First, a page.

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SA women take out nation's top mining honours


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It was not so long ago that women and mining was such a rare combination that special briefing sessions were held on-site to help rugged mining men prepare for their new co-workers.

Since then, women’s presence and influence in resources has made leaps and bounds and last night the industry recognised the contributions of those who have cut through a male-dominated industry to make a difference.

That recognition, from the dusty rocky mining operations to the shiny corporate offices, has been achieved through a mix of candid and covert gender equality programs and key women who have competently demonstrated their abilities in the industry.

And last night two South Australian women – Helena Wu and Sabrina McKenzie – and the Santos gender equality program were honoured at the 2015 Women in Resources National Awards.

Wu, a senior reservoir engineer with Santos, was named the industry’s exceptional young woman in Australian resources.

Despite her father’s reservations about her career choice, Wu entered mechanical engineering at Queensland University of Technology where she allayed fears and excelled, winning the QUT University Medal.

Wu joined Santos as a graduate and progressed into an engineer role, followed by planning analyst and senior engineer.

In 2014 she received the Society of Petroleum Engineers Outstanding Service Award and Young Energy Professional Award for Southern Asia Pacific.

Wu is part of the SPE International Gender Diversity task force and participates in a number of groups where women are given the opportunity to raise and discuss career paths and female representation.

She is currently co-authoring a paper on the Adoption of Social Media in the Australian Energy and Resources Sector.

Award winner Helena Wu. Supplied image

Award winner Helena Wu. Supplied image

McKenzie, Prominent Hill’s only female dozer operator, was named outstanding Australian tradeswoman, operator or technician.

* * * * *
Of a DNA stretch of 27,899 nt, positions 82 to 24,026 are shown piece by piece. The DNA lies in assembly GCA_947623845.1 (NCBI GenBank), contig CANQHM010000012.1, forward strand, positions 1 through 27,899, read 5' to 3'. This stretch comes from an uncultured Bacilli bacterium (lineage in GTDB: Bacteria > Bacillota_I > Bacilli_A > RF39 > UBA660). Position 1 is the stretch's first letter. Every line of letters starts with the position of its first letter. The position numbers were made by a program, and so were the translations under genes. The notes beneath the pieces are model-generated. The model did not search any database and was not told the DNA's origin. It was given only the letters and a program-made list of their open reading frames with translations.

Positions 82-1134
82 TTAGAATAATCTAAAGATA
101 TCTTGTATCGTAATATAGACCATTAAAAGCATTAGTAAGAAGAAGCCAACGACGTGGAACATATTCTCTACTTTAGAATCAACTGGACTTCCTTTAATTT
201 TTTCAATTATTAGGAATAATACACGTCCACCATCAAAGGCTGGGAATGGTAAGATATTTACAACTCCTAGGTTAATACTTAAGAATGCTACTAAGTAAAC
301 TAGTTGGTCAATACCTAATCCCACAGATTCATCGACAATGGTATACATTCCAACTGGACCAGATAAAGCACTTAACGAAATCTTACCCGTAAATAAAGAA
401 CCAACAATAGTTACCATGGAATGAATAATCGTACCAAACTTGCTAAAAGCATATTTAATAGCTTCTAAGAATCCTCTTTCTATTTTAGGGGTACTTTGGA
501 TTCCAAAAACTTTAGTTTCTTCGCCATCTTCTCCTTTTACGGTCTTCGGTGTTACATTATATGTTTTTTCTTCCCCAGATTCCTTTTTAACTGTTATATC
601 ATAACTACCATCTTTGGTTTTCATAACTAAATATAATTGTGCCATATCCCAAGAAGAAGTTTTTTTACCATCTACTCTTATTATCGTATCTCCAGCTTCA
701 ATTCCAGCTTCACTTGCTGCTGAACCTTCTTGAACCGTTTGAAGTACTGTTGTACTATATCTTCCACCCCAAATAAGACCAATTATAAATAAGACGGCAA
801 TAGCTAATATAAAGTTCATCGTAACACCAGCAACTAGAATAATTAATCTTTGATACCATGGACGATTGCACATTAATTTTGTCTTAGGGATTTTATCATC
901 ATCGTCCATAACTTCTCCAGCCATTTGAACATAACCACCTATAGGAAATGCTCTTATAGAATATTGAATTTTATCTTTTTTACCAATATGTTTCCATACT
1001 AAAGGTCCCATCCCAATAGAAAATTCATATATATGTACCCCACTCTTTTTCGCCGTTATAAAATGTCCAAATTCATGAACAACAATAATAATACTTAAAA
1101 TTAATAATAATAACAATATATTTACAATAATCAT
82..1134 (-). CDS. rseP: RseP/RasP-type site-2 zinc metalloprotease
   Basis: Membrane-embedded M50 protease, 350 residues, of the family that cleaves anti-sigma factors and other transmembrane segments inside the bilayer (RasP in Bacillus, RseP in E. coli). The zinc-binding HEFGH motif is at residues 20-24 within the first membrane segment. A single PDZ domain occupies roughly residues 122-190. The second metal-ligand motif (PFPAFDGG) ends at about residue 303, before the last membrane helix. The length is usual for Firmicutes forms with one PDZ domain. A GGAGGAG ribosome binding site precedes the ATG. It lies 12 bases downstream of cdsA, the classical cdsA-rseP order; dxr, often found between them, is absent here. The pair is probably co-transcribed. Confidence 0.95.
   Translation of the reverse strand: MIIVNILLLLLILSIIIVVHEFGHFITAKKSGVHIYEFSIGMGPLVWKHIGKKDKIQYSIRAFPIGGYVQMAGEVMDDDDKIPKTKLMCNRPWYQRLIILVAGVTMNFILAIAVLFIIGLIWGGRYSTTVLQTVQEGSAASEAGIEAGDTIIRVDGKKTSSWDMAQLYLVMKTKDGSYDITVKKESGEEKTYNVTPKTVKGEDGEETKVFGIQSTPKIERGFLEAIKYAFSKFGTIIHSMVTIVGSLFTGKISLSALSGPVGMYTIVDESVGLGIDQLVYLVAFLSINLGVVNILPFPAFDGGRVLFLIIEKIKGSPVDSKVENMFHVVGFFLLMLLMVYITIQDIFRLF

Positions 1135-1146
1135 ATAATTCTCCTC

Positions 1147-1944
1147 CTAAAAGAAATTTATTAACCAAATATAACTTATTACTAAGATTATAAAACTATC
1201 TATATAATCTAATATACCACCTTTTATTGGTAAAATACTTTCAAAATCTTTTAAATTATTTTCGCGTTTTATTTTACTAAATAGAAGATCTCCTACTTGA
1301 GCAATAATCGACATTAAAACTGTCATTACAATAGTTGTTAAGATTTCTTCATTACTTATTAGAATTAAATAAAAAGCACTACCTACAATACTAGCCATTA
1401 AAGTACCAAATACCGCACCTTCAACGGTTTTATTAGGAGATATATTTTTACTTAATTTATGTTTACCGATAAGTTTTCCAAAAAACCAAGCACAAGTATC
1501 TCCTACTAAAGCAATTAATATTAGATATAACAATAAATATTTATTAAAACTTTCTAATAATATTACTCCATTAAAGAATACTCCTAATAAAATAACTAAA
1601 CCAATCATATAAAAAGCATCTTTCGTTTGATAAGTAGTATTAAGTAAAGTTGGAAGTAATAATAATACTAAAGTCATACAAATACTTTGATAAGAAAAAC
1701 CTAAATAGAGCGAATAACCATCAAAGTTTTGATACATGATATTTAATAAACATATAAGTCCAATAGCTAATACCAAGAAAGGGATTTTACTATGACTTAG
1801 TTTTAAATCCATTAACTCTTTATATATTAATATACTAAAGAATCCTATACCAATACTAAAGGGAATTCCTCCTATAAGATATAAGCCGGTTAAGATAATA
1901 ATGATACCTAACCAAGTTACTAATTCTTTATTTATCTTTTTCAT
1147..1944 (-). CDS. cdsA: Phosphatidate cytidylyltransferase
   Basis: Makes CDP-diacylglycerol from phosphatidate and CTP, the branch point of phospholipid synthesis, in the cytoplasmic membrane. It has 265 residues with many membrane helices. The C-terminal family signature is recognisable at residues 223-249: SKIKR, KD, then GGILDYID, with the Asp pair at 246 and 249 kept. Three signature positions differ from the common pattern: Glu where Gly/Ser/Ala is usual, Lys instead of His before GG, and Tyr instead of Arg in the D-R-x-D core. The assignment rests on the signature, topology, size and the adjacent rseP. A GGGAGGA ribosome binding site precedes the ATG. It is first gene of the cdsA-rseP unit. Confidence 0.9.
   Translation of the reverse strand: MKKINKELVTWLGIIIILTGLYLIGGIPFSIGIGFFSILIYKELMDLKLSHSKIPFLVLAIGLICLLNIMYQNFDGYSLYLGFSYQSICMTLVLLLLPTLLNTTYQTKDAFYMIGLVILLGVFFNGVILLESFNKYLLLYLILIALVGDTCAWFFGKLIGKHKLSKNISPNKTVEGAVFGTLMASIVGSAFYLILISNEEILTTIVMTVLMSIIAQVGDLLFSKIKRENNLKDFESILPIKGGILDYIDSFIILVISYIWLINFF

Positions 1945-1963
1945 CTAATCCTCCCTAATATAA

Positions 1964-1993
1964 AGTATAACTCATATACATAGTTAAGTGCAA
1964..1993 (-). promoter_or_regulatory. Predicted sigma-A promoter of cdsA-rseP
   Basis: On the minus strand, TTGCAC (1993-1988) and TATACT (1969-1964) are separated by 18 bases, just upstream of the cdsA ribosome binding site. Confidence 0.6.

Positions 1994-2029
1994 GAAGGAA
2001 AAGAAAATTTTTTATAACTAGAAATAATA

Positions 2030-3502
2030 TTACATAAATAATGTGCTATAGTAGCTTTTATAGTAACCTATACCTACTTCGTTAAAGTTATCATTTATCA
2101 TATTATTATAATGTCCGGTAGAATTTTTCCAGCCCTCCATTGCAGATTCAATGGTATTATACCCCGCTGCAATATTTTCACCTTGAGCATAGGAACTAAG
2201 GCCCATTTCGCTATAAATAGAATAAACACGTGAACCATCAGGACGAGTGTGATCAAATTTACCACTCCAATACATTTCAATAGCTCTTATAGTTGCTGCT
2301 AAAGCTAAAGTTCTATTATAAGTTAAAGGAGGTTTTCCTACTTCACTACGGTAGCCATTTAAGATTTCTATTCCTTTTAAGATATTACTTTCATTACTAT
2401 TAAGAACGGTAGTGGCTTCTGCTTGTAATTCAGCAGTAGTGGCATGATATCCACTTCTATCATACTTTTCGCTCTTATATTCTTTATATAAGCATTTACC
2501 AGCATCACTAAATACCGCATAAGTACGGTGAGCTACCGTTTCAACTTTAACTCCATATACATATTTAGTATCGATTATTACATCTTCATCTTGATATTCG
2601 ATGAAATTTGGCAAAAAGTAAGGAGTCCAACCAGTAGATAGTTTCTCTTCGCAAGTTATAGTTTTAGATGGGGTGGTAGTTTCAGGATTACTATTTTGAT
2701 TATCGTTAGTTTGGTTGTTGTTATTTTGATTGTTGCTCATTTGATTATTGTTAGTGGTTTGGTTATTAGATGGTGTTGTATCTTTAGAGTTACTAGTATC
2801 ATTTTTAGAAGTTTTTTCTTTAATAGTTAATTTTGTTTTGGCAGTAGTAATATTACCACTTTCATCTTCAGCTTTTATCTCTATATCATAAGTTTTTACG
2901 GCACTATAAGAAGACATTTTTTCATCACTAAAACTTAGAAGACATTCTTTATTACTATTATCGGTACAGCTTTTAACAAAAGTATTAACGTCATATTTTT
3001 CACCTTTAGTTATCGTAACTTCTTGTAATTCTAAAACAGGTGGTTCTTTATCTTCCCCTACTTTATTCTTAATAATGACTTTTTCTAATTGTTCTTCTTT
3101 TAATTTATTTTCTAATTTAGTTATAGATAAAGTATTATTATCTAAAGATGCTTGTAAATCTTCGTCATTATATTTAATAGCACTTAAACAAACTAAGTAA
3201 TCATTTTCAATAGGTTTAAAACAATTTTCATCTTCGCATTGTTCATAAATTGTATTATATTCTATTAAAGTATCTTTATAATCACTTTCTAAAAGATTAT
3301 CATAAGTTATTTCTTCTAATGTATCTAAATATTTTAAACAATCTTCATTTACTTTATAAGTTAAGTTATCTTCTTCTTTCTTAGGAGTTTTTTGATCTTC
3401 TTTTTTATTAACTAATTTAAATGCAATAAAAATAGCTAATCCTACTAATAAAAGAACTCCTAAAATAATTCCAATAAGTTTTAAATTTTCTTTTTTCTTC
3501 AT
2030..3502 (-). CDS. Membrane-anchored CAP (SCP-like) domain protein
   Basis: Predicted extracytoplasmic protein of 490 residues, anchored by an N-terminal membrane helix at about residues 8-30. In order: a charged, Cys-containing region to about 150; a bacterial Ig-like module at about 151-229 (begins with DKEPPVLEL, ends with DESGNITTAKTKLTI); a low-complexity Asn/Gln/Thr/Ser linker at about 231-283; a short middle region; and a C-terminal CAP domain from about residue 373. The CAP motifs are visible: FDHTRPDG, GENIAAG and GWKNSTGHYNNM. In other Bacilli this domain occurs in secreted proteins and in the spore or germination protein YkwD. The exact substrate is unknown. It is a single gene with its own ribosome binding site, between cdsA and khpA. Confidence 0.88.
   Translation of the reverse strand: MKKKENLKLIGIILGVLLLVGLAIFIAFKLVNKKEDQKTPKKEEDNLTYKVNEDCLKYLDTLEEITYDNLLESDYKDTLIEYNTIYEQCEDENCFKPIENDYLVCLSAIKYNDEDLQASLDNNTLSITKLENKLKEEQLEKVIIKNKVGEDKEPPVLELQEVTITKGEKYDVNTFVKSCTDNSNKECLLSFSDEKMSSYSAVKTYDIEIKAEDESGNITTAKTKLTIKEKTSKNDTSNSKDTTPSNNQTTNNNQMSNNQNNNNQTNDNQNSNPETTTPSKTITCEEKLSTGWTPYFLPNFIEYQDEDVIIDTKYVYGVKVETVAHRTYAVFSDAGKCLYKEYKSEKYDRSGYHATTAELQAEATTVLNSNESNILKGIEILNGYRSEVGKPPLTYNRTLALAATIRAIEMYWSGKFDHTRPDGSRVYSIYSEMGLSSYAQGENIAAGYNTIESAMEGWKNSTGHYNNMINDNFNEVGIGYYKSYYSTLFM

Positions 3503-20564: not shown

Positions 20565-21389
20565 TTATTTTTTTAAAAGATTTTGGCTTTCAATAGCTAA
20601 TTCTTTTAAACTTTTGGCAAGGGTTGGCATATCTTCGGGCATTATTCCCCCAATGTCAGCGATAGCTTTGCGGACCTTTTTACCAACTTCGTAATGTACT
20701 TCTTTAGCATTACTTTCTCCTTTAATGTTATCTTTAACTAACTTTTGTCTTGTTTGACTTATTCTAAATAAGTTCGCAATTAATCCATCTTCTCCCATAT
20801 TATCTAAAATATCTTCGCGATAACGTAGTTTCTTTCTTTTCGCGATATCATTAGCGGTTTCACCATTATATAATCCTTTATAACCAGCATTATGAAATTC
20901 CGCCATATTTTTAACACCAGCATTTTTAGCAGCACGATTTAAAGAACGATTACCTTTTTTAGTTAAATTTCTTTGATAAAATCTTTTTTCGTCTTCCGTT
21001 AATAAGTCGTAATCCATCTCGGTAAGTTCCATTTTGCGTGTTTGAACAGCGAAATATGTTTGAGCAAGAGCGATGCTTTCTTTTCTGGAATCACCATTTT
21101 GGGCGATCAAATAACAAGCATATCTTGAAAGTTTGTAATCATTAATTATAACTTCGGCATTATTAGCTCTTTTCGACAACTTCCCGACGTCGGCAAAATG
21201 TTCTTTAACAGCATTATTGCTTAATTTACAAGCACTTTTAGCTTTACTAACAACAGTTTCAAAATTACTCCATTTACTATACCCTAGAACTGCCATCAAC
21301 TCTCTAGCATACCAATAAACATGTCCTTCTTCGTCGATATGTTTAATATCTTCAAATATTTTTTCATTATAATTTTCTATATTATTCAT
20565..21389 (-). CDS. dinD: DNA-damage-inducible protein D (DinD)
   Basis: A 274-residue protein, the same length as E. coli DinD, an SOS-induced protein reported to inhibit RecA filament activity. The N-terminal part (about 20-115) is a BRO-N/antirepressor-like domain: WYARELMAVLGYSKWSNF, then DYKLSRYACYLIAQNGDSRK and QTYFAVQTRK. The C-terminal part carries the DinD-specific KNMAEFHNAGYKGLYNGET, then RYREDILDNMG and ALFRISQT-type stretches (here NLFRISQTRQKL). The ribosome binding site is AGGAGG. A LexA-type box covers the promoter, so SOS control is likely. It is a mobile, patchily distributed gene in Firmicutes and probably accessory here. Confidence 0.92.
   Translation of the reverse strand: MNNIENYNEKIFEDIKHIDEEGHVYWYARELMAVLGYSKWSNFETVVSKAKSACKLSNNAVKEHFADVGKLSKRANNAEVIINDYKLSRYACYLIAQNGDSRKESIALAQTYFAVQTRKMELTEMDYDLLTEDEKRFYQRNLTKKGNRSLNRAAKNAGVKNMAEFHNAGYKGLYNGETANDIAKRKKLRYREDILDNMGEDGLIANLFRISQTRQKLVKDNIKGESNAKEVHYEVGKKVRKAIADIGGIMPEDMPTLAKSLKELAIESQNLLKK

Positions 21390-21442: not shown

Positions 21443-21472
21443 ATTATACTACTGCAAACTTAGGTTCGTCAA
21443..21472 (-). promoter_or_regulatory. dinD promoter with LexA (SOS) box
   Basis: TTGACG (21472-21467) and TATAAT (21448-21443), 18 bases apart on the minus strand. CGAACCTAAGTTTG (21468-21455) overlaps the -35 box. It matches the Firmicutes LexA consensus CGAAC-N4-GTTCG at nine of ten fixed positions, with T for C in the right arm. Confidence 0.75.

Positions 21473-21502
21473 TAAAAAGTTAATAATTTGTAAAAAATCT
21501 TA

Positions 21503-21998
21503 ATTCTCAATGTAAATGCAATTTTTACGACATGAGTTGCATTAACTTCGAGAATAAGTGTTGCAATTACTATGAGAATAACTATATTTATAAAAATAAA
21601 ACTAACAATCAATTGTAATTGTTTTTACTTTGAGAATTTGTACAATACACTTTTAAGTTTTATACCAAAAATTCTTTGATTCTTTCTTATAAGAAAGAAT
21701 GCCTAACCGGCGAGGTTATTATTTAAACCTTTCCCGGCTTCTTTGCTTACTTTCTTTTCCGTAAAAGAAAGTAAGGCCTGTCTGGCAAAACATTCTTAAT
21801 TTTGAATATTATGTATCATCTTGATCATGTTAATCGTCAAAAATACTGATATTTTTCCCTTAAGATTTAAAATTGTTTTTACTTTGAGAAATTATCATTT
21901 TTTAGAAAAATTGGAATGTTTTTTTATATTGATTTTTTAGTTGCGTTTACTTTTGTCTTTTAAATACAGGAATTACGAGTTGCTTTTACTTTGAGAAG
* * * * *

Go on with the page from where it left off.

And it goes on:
Her fellow crew, or “the Dingo crew”, is a group of five Indigenous women operating trucks and her accomplishments have raised the bar for others to see what can be achieved.

McKenzie has also qualified as an Indigenous mentor where she is able to assist her workmates in resolving issues and liaising with the Thiess Leadership team on behalf of staff

Her grandparents, elders in the Aboriginal Kalparrin Community, were initially concerned their grand daughter’s training as a plant operator was dangerous but fear turned to joy when she qualified.

Recently appointed Asset President BHP Billiton Olympic Dam, Jacqui McGill, was named Gender Diversity Champion in Australian resources for her leadership at BMC, Queensland.

Gender equality program recognised

In 2011 a program to equal the playing field for female workers was launched by Adelaide-based Santos, among many programs initiated by resource companies around Australia.

That initiative was named this year’s top program to address gender inequality in the industry.

South Australia Chamber of Mines and Energy president Terry Burgess said Santos’ wide-ranging program covered topics from parental leave, training and leadership development to gender-balanced graduate intakes, pay equality and gender attraction strategies.

“Importantly, the program is governed by the executive team with evidence of board accountability,” Burgess said.

“It was pleasing to see the driving force behind this program was the business benefits of greater gender diversity, including improved performance and culture.

“The program’s success is underpinned by a broad range of initiatives and strategies with a focus on continuous improvement.”

Premier Jay Weatherill said the winners’ success highlighted the leading role SA played in supporting diversity across all sectors of the economy.

“In South Australia, we want people and business to thrive and that includes the pioneering women of the resources sector.

“Their success provides inspiration to the next generation of South Australians and reinforces our belief that we can eliminate stereotypes wherever they exist even in previously male-dominated industries such as mining and energy.”

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